Meditation helps with ADHD

Attention deficit hyperactivity disorder (ADHD) is one of the most common childhood disorders and can continue through adolescence and adulthood. Symptoms include difficulty staying focused and paying attention, difficulty controlling behavior, and hyperactivity (over-activity). ADHD has three subtypes:

  • Predominantly hyperactive-impulsive
    Most symptoms (six or more) are in the hyperactivity-impulsivity categories.
    Fewer than six symptoms of inattention are present, although inattention may still be present to some degree.
  • Predominantly inattentive
    The majority of symptoms (six or more) are in the inattention category and fewer than six symptoms of hyperactivity-impulsivity are present, although hyperactivity-impulsivity may still be present to some degree.
    Children with this subtype are less likely to act out or have difficulties getting along with other children. They may sit quietly, but they are not paying attention to what they are doing. Therefore, the child may be overlooked, and parents and teachers may not notice that he or she has ADHD.
  • Combined hyperactive-impulsive and inattentive
    Six or more symptoms of inattention and six or more symptoms of hyperactivity-impulsivity are present.
    Most children have the combined type of ADHD.

Researchers are developing more effective treatments and interventions, and using new tools such as brain imaging, to better understand ADHD and to find more effective ways to treat and prevent it.

Inattention, hyperactivity, and impulsivity are the key behaviors of ADHD. It is normal for all children to be inattentive, hyperactive, or impulsive sometimes, but for children with ADHD, these behaviors are more severe and occur more often. To be diagnosed with the disorder, a child must have symptoms for 6 or more months and to a degree that is greater than other children of the same age.

Children who have symptoms of inattention may:

  1. Be easily distracted, miss details, forget things, and frequently switch from one activity to another
  2. Have difficulty focusing on one thing
  3. Become bored with a task after only a few minutes, unless they are doing something enjoyable
  4. Have difficulty focusing attention on organizing and completing a task or learning something new
  5. Have trouble completing or turning in homework assignments, often losing things (e.g., pencils, toys, assignments) needed to complete tasks or activities
  6. Not seem to listen when spoken to
  7. Daydream, become easily confused, and move slowly
  8. Have difficulty processing information as quickly and accurately as others
  9. Struggle to follow instructions.
    Children who have symptoms of hyperactivity may:
  1. Fidget and squirm in their seats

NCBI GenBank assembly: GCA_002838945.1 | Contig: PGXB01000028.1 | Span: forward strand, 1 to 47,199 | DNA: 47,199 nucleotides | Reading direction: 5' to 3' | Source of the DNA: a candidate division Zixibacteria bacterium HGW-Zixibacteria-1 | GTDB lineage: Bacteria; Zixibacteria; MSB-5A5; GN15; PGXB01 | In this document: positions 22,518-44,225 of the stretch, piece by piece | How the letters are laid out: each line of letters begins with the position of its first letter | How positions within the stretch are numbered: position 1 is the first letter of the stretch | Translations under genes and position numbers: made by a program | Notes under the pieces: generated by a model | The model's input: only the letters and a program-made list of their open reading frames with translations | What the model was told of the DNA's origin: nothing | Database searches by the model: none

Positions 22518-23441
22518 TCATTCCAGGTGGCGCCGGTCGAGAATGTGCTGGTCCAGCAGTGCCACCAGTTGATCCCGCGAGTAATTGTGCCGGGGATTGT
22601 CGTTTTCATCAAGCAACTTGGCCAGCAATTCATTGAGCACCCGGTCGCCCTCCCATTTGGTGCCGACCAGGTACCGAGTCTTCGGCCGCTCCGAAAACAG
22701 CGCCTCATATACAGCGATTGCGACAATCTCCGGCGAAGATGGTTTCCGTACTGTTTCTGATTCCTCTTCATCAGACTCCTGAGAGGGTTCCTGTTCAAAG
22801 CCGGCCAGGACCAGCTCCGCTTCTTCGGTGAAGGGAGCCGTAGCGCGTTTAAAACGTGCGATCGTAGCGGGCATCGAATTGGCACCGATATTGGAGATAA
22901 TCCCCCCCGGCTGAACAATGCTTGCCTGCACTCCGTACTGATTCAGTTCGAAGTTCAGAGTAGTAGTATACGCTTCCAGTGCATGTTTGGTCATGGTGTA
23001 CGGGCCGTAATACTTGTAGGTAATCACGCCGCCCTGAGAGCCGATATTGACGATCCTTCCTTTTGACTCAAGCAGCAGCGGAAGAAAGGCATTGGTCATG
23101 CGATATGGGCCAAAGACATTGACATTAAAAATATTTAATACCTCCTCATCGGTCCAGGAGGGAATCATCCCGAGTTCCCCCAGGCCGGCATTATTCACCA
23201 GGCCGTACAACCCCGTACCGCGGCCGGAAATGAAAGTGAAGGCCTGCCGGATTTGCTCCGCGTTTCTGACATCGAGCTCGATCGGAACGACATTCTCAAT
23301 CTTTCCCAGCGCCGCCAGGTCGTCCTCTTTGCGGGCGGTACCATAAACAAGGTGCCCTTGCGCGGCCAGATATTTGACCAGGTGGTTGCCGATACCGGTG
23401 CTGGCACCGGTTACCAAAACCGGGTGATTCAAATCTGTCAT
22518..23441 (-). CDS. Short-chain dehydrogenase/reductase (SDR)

2. Talk nonstop
  3. Dash around, touching or playing with anything and everything in sight
  4. Have trouble sitting still during dinner, school, and story time
  5. Be constantly in motion
  6. Have difficulty doing quiet tasks or activities.

Children who have symptoms of impulsivity may:

  1. Be very impatient
  2. Blurt out inappropriate comments, show their emotions without restraint, and act without regard for consequences
  3. Have difficulty waiting for things they want or waiting their turns in games
  4. Often interrupt conversations or others' activities.

Benefits of meditation in ADHD

A study conducted in Australia, at the Natural Therapies Research Unit, at the Royal Hospital for Women in Sydney, and in collaboration with the Institute of Psychiatry, King's College London, UK, showed significant improvement of the symptoms of Attention Deficit Hyperactivity Disorder (ADHD). ADHD is a disorder that develops in childhood and is characterised by problems of attention, impulsiveness and hyperactivity.

The treatment of choice in ADHD is the administration of stimulant Medication. However, there are side effects, there is concern about the unknown long-term effects of stimulants on brain development and there is evidence for limited effectiveness that wanes after a few years. For these reasons parents prefer non-pharmacological treatment and there is a search for effective alternative non-pharmacological treatment options.

26 children with ADHD, aged between 4 and 12, were treated for 6 weeks with Sahaja Yoga Meditation adjunctive to their usual treatment (i.e.  some of them were receiving stimulant Medication) and then compared to a waiting list control group who received no treatment.

Children with ADHD who learned how to meditate compared to the waiting list control group showed a significant reduction of the main symptoms of hyperactivity, impulsiveness and inattention.

Other, secondary benefits were an improved child-parent relationship and enhanced self-esteem in children.

Furthermore, of the children who were treated with stimulant Medication, over 50% either discontinued or reduced their stimulant medication but still improved in their symptoms.

This pioneering study suggests that Meditation is clearly a promising non-pharmacological treatment option for children with ADHD that needs to be further explored.
Harrison, L., Rubia, K., Manocha, R. (2003) Sahaja Yoga Meditation as a Family Treatment Program for Attention Deficit Hyperactivity Disorder Children. Clinical Child Psychology and Psychiatry, 9 (4), 479-497.